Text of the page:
The album shows the band jumping from the death metal formula of The Karelian Isthmus to something more memorable. The compositions are much more melodic while keeping their deathly roots, which pretty much defines melodic death metal.

"Thousand Lakes" starts the album as an ambient piano intro that slowly embraces you with its beauty. Then "Into Hiding" kicks off the metal action, standing out with slow doomy riffing that then takes on mid-paced galloping like a horse riding in a dark forest. After the expected death growling, clean vocals enter the music, which might turn away the more extreme listeners. While I agree that it's a little unfitting from a heavier point of view, it perfectly fits the ominous mood here. While the clean vocals became part of Amorphis' sound from then onwards, the excellent rough growls still take the stage. "The Castaway" has some epic experimentation with Middle Eastern-like synths and a jazzy bridge. "First Doom" has the slow doomy melody of early 90s Paradise Lost, and is one of the darker tracks here.

From that 10-second piano intro of "Black Winter Day", I knew it was gonna be a total standout. The keyboards have dark atmosphere, as opposed to the synth shredding of Children of Bodom, who by the way, made their own cover of that track two decades later. The melodic "Drowned Maid" shows how much the band influenced many other melodic death metal bands. "In the Beginning" is another highlight with lyrics from Finnish passages of the Kalevala in English translation. The lyrics are understandable for those who have read the epic, but if you're like me and haven't read it yet, they make an interesting fit to the music worth jamming out to.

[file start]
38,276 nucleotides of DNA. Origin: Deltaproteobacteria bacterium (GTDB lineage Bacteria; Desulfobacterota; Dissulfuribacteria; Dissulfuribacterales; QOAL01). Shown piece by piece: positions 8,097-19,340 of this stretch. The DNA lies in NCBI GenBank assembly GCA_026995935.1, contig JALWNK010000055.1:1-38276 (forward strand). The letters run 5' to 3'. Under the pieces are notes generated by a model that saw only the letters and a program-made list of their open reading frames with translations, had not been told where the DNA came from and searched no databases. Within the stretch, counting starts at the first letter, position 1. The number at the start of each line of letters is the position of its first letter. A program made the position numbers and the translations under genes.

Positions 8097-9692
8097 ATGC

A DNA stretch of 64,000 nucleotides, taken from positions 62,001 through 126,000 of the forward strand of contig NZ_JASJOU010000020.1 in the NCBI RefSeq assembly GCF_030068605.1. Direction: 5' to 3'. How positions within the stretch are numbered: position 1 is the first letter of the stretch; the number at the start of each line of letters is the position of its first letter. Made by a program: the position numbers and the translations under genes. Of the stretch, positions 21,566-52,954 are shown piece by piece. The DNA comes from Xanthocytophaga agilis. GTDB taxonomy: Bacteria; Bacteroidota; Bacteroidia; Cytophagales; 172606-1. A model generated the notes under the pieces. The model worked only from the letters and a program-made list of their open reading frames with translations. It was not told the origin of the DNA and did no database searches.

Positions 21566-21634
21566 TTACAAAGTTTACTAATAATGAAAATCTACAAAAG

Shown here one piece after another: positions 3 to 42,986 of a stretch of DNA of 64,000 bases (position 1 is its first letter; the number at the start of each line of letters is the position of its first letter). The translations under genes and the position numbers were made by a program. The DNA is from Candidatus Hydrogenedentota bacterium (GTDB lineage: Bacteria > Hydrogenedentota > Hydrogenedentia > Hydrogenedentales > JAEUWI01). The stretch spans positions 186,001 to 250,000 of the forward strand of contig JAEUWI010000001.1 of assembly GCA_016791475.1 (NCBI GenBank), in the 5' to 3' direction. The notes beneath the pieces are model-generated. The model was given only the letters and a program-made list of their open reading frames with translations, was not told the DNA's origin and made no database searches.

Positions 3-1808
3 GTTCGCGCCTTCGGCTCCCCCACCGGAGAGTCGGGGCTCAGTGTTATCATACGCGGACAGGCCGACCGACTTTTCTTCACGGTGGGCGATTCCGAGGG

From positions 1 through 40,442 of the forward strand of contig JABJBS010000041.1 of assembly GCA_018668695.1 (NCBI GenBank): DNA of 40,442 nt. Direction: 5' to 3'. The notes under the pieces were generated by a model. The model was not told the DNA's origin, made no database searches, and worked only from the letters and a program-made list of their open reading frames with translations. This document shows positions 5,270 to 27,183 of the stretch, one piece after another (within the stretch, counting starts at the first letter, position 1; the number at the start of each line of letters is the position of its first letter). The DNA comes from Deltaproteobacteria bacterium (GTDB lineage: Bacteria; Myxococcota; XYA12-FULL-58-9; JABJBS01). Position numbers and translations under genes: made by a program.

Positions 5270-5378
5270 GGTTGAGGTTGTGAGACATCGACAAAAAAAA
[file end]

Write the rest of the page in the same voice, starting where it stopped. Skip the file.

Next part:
"Forgotten Sunrise" has a blues-like pace as you explore this pure melodic twist in the death metal realms. "To Father's Cabin" is closer to a slow take on Metallica-esque thrash. While in good quality, that's actually my least favorite track here, and it subtracts a few percentage points from the album's still perfect score. "Magic and Mayhem" transcends through melodeath bliss, along with acoustic sorrow and synth grace. There's a breakdown reminiscent of sludgy groove metal, and later some cool prog synths.

I have to admit, this is my second attempt at reviewing this masterpiece. The first time was a few years ago and I didn't appreciate it enough, and a few more years prior, I tried listening to some songs from there, but they weren't for me at that time. But now, somehow I finally get the glorious beauty of this atmospheric offering, and I didn't even have to experience any snowy winters firsthand! Tales From the Thousand Lakes might just be one of the finest melodic death albums for me with its gloomy atmosphere, despite my earlier struggles. I recommend it for many metalheads out there. If the first listen doesn't work out for you, give it some time then try again. Let it grow and glow!

Favorites: "Into Hiding", "The Castaway", "Black Winter Day", "In the Beginning", "Magic and Mayhem"

Daniel Daniel / March 18, 2023 / Comments 0 / 0

It’s been many years since I’ve revisited the highly regarded 1994 sophomore album from Finland’s Amorphis. “Tales From The Thousand Lakes” was a very big record in my household back in the day but I recall it being a much more important release for my younger brother Ben than it was for myself. I certainly rmember finding it to be a very creative & inventive effort (particularly melodically) however I don’t think I was the target audience Amorphis had in mind when they wrote it, despite my being quite fond of their earlier work which was closer to your classic death metal model. If I had to guess at what score I’d end up awarding it though I would have been pretty confident of it being a 4/5 so I went into this re-evaluation exercise with the expectation of a rewarding outcome.